Even with this endorsement, Caldwell acknowledged that only two
Afghan National Army battalions -- out of about 180 -- are operating
independently, without coalition support.
He then clarified, "When I say 'independently,' I don't want to be
misleading. It does not mean they have absolutely no coalition support,"
Caldwell said. "We keep saying that in 2014 ... when the Afghans take the
lead for security here in Afghanistan, there will still be coalition
enablers here. The same is true today for those two units that are
'operating independently.' "
The U.S.-led coalition has not yet developed the logistics,
maintenance, or medical systems of the Afghan security forces, he said.
"This is the year where we really start taking that on."
By next March, Caldwell said, an expected influx of an additional 800
trainers will help train the security forces in these "specialty"
skills. "We've got two or three years now to fully get developed, get in
place, partner with, so that they are much more able to operate without
our support as we near 2014. But today we haven't developed their
systems to enable them to do that yet."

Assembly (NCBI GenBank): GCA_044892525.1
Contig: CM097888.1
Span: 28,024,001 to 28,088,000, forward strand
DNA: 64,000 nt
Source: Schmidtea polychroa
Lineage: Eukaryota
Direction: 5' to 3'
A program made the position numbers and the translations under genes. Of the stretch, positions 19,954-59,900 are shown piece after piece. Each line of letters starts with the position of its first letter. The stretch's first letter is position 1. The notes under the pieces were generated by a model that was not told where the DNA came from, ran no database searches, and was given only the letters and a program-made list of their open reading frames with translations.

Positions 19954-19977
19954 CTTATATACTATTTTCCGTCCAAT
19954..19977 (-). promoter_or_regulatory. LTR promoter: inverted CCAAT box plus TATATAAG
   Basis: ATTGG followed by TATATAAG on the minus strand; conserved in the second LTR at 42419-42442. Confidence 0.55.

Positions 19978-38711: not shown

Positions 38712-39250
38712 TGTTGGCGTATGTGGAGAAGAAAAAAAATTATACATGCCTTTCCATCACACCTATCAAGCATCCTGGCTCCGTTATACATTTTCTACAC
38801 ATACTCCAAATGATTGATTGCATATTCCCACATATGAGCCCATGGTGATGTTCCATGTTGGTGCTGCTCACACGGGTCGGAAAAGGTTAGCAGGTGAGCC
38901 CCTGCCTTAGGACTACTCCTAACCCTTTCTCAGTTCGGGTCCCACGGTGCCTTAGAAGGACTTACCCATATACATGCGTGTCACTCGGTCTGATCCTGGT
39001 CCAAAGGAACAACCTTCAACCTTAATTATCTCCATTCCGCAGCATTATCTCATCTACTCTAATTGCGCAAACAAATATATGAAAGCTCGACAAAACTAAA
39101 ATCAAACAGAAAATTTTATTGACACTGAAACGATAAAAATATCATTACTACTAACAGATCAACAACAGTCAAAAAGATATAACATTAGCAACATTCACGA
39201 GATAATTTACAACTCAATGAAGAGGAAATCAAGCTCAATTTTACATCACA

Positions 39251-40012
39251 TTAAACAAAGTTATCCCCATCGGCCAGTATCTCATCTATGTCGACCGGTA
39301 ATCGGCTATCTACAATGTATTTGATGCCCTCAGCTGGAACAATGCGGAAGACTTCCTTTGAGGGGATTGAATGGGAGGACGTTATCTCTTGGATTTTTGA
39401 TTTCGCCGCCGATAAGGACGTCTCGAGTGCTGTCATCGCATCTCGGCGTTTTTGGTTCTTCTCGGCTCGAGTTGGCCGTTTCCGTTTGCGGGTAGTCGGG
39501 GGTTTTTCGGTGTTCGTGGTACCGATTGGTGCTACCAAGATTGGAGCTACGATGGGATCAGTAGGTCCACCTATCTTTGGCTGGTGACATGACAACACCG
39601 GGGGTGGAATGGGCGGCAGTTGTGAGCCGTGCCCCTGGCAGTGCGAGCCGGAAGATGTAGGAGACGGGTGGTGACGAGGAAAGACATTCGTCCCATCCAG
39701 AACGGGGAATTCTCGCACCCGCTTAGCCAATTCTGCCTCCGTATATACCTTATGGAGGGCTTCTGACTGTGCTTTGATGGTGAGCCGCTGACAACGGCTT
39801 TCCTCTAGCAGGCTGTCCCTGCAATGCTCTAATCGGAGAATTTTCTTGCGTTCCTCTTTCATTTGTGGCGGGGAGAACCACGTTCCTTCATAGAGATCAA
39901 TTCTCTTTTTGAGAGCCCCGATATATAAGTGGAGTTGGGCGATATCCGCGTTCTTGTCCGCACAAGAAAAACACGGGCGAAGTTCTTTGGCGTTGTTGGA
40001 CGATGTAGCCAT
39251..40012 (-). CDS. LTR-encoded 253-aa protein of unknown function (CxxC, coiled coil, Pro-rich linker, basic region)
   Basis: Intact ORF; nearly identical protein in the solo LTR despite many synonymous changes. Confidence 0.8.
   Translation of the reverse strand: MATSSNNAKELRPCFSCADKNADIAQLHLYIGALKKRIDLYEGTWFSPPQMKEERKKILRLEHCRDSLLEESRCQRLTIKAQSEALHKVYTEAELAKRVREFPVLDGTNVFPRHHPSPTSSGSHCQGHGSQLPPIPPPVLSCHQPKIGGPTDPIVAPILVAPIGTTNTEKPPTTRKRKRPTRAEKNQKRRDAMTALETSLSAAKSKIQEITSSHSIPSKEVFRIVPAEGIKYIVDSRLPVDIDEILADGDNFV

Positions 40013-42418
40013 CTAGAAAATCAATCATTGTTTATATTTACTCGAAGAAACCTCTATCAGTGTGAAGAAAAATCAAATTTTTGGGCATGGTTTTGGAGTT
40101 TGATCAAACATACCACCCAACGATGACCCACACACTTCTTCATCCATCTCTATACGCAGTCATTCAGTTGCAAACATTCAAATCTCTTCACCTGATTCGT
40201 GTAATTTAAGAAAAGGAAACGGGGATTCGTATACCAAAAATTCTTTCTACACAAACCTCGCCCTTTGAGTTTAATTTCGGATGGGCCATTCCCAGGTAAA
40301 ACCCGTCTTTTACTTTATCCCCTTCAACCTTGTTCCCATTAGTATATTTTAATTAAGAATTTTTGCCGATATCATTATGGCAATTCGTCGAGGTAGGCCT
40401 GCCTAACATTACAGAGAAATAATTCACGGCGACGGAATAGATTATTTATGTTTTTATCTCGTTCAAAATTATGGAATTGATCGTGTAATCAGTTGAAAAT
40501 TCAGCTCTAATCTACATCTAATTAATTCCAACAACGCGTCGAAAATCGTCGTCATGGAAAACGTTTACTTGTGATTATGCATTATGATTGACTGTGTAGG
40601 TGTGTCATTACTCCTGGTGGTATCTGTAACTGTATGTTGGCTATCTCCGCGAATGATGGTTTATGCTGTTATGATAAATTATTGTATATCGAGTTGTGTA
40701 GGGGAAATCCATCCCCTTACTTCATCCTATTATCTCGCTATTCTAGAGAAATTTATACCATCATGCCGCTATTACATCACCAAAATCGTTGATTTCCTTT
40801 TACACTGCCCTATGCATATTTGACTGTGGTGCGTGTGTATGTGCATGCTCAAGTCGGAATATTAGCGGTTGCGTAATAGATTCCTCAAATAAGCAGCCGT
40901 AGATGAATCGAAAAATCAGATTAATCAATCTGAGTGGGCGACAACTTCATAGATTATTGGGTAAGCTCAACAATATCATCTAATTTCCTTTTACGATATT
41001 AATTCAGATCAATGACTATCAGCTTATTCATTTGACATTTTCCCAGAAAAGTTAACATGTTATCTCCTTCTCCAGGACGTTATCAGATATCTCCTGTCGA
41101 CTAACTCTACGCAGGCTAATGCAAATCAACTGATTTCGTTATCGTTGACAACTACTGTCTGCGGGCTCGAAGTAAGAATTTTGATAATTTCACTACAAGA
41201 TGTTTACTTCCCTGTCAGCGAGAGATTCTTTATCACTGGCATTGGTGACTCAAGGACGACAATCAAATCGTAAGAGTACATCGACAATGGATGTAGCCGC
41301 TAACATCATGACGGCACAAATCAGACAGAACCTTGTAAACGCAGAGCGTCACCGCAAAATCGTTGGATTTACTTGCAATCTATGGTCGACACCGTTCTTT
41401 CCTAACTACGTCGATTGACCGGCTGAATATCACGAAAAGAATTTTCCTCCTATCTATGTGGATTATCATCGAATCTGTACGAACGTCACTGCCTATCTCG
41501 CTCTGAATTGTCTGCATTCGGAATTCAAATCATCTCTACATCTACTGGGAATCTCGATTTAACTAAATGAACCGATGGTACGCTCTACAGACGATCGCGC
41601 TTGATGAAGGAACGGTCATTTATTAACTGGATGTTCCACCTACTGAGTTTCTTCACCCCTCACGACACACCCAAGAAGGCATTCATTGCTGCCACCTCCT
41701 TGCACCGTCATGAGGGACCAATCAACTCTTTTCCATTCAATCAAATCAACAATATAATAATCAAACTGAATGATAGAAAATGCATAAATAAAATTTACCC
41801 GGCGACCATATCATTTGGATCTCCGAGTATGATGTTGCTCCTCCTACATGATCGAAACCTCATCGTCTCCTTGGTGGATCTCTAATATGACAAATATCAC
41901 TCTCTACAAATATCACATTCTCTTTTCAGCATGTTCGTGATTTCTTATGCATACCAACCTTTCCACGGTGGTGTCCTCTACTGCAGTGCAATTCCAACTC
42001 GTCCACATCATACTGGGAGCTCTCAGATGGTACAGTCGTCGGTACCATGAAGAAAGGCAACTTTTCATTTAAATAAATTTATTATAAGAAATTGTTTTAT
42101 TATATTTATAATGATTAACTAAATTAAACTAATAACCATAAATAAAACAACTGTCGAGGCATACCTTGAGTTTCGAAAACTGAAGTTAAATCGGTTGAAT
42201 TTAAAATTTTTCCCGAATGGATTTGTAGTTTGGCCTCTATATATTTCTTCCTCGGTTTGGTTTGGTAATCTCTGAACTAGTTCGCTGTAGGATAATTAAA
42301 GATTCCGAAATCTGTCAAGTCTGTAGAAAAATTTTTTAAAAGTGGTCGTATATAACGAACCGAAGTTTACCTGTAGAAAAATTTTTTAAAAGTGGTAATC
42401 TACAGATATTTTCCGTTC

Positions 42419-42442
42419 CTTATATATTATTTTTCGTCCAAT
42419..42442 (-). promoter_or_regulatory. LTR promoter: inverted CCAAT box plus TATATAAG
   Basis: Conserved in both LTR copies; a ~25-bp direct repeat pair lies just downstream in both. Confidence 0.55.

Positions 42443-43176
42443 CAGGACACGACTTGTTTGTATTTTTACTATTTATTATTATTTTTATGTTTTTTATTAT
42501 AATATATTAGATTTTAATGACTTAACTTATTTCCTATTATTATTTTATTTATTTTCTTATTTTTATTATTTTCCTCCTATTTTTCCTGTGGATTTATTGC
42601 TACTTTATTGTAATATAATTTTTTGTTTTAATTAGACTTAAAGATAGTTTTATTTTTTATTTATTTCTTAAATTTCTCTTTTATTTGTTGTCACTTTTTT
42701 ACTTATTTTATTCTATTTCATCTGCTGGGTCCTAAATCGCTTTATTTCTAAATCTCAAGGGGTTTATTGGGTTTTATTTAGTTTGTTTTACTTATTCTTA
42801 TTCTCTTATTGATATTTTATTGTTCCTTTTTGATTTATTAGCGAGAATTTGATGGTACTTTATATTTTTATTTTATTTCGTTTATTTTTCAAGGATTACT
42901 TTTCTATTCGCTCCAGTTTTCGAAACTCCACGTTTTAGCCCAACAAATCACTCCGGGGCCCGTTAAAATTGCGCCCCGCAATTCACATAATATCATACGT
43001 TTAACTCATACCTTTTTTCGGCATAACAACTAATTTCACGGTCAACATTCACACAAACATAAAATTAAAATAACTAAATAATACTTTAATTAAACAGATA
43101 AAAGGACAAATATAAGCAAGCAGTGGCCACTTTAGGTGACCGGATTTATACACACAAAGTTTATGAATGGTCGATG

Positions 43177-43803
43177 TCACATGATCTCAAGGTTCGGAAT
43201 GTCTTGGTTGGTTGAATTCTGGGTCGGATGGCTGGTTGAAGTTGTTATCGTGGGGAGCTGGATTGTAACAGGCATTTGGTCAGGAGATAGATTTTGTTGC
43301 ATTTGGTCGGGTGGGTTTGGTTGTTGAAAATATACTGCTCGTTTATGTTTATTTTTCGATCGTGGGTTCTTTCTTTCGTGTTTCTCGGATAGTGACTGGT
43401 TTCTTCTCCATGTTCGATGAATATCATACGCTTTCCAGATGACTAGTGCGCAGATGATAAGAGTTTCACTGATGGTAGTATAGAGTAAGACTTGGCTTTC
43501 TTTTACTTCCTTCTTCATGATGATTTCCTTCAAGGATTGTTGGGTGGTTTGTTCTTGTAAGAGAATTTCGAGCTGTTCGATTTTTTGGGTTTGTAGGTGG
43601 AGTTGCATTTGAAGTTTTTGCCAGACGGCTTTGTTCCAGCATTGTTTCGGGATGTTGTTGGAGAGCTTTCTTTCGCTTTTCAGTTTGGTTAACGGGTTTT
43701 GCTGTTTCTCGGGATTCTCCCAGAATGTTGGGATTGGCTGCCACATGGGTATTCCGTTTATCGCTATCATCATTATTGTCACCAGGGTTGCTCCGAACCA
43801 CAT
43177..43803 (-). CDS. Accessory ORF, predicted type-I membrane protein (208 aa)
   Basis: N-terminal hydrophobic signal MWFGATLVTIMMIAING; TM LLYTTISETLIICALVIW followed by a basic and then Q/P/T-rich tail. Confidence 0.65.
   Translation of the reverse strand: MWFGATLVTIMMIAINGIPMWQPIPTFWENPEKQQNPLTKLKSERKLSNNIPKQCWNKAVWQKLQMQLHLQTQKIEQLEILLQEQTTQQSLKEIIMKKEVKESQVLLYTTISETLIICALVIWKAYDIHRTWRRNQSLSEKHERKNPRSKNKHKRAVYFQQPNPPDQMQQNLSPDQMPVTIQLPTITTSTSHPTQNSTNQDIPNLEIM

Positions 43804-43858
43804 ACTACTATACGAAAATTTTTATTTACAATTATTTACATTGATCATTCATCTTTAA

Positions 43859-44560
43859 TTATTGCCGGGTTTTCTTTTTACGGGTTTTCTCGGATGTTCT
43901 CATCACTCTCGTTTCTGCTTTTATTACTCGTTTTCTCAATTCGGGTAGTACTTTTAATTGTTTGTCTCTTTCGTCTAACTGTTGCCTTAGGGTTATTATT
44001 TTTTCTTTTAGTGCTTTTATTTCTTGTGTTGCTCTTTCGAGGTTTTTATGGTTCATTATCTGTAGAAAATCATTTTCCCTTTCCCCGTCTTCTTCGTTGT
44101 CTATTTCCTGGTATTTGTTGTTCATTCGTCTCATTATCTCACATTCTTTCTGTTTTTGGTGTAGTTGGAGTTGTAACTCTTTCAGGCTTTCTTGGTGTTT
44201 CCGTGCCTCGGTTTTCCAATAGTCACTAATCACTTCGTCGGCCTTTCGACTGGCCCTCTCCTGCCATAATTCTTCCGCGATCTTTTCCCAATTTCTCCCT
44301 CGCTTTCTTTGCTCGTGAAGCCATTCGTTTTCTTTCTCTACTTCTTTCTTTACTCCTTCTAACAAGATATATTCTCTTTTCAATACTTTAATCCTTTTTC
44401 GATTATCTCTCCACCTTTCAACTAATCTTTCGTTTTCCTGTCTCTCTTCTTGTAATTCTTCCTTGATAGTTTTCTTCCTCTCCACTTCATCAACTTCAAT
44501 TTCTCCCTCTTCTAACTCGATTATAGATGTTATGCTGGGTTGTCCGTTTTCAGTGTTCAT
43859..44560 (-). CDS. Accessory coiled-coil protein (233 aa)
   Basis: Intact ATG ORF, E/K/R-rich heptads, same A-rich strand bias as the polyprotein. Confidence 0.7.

There are about 124 other battalions that are operating effectively
with what Caldwell called minimal coalition support. Others still need
"tremendous amounts of coalition assistance," he said.
After 2014, some coalition forces will still be needed to provide
"everything from intelligence support to air support," Caldwell said.
The U.S. exit strategy for Afghanistan depends on building Afghan
army and police forces capable of battling the Taliban and holding areas
of the country that NATO forces have cleared of militants. Since 2002,
the U.S. and its allies have spent more than $27 billion to recruit and
train Afghan security personnel, with about half of that money earmarked
for rebuilding Afghanistan after decades of conflict; the coalition
plans to spend billions more on the effort.
The U.S. is on track to meet its goal of growing Afghan's security
forces to 352,000 personnel by November 2012. In the long term, the
sustainable cost to train and equip a force that size is expected to
cost about $6 billion a year in contributions from the U.S., the
international community, and the Afghans themselves.
But Caldwell said he was optimistic this cost to maintain the force would be "significantly lower than that."
"We're assuming right now when we say that [$6 billion] number ... is
with nothing changing from what it is today," he said. "We in fact do
expect the level of insurgency to go down; we do in fact expect us to
still find more efficiencies in how we do things and how we operate that
can further cut the long-term costs."
Caldwell cited some examples: namely, the Afghan First initiative, in
which the coalition has saved about $168 million a year by procuring
its boots and uniforms and other products from local factories instead
of shipping them into Afghanistan. Caldwell said he has been wearing a
pair of Afghan-made boots for the past several months to ensure quality